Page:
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Courtesy of 

Ron Haviv

LEICA Fotografie International / BarTur Award Photojournalist of the Year

Ron Haviv

Highly Commended

Ron Haviv is an Emmy-nominated filmmaker, award-winning photojournalist, & co-founder of the photo agency VII, dedicated to documenting conflict and raising human rights issues around the globe. He is also the co-founder of the non-profit VII Foundation, which concentrates on documentary projects & provides free visual journalism education.

Haviv has produced an unflinching record of the injustices of war, covering over twenty-five conflicts & his photography has had singular impact. His work in the Balkans, which spanned over a decade of conflict, was used as evidence to indict & convict war criminals at the international tribunal in The Hague. President George H.W Bush cited Haviv’s chilling photographs documenting paramilitary violence in Panama as one of the reasons for the 1989 American intervention.

His first book, Blood and Honey: A Balkan War Journal, was called “One of the best non-fiction books of the year” by The Los Angeles Times & “A chilling but vastly important record of a people’s suffering” by Newsweek. His other monographs are Afghanistan: The Road to Kabul, Haiti: 12 January 2010, The Lost Rolls & Shadow of Memory.

Haviv is the central character in six documentary films, including National Geographic Explorer’s Freelance in a World of Risk, where he speaks about the dangers of combat photography, including his numerous detentions & close calls.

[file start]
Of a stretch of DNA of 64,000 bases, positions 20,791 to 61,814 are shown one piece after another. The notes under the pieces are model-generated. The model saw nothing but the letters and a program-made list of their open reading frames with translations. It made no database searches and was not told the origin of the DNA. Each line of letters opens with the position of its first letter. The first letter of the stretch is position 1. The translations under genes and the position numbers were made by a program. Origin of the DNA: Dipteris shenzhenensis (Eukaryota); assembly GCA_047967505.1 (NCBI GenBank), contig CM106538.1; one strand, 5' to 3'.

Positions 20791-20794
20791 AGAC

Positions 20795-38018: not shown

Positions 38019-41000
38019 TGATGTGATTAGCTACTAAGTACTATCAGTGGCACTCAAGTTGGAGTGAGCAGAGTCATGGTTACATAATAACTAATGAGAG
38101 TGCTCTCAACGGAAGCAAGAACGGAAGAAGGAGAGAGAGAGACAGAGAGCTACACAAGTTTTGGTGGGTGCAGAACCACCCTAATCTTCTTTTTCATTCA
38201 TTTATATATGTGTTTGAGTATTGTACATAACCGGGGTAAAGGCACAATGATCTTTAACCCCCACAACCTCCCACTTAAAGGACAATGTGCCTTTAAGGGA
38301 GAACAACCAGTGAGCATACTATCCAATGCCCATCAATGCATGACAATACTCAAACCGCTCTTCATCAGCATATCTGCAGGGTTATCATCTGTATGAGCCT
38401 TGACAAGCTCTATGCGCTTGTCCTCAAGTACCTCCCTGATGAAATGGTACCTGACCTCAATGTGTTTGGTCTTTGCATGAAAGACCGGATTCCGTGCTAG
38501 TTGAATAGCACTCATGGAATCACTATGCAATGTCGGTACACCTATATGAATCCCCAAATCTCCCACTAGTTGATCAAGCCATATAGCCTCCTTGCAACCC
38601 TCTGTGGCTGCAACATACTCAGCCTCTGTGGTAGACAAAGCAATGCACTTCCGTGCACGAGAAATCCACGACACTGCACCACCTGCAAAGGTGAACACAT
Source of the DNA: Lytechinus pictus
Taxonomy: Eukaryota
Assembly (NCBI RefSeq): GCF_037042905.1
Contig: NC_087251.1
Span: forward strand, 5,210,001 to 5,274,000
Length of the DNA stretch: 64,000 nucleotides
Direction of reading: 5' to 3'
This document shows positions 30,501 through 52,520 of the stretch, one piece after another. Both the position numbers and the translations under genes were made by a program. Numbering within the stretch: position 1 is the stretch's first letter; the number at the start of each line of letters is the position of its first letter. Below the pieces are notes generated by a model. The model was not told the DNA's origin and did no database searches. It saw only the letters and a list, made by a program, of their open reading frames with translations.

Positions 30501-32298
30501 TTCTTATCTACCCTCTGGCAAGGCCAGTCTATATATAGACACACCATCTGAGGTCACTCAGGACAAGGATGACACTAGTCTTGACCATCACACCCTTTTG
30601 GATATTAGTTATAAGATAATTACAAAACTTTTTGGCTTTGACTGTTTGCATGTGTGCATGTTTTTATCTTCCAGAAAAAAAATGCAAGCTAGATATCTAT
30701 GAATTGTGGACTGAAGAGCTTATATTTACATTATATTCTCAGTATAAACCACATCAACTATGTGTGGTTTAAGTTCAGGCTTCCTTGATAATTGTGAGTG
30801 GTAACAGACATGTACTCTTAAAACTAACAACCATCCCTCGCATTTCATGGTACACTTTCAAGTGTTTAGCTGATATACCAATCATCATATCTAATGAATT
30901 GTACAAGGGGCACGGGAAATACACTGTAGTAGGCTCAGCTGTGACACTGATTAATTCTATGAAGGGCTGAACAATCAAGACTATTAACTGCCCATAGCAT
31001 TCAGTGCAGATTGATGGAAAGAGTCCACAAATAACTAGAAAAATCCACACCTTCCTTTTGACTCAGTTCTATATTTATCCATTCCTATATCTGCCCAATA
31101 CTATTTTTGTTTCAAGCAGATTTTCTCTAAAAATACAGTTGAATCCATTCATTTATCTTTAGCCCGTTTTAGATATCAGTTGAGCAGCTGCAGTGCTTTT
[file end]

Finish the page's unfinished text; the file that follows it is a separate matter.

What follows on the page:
He has provided expert analysis & commentary on ABC, BBC, CNN, GMA, MSNBC, NBC, NPR, & The Charlie Rose Show. Haviv has also written opinion pieces for the New York Times & Washington Post.

War for a New World Order- VII For 1843/Economist



Ukraine, under attack from Russia, finds itself defending both its own territory and Western values. Battles between the two forces have impacted civilian life, with Ukrainians being ethnically cleansed from areas targeted by Russian forces. Evidence of war crimes and other abuses has been discovered in a variety of cities. This was considered a proxy war between Nato and Russia and shows no sign of abatement as the front lines continue to change on a near-daily basis.

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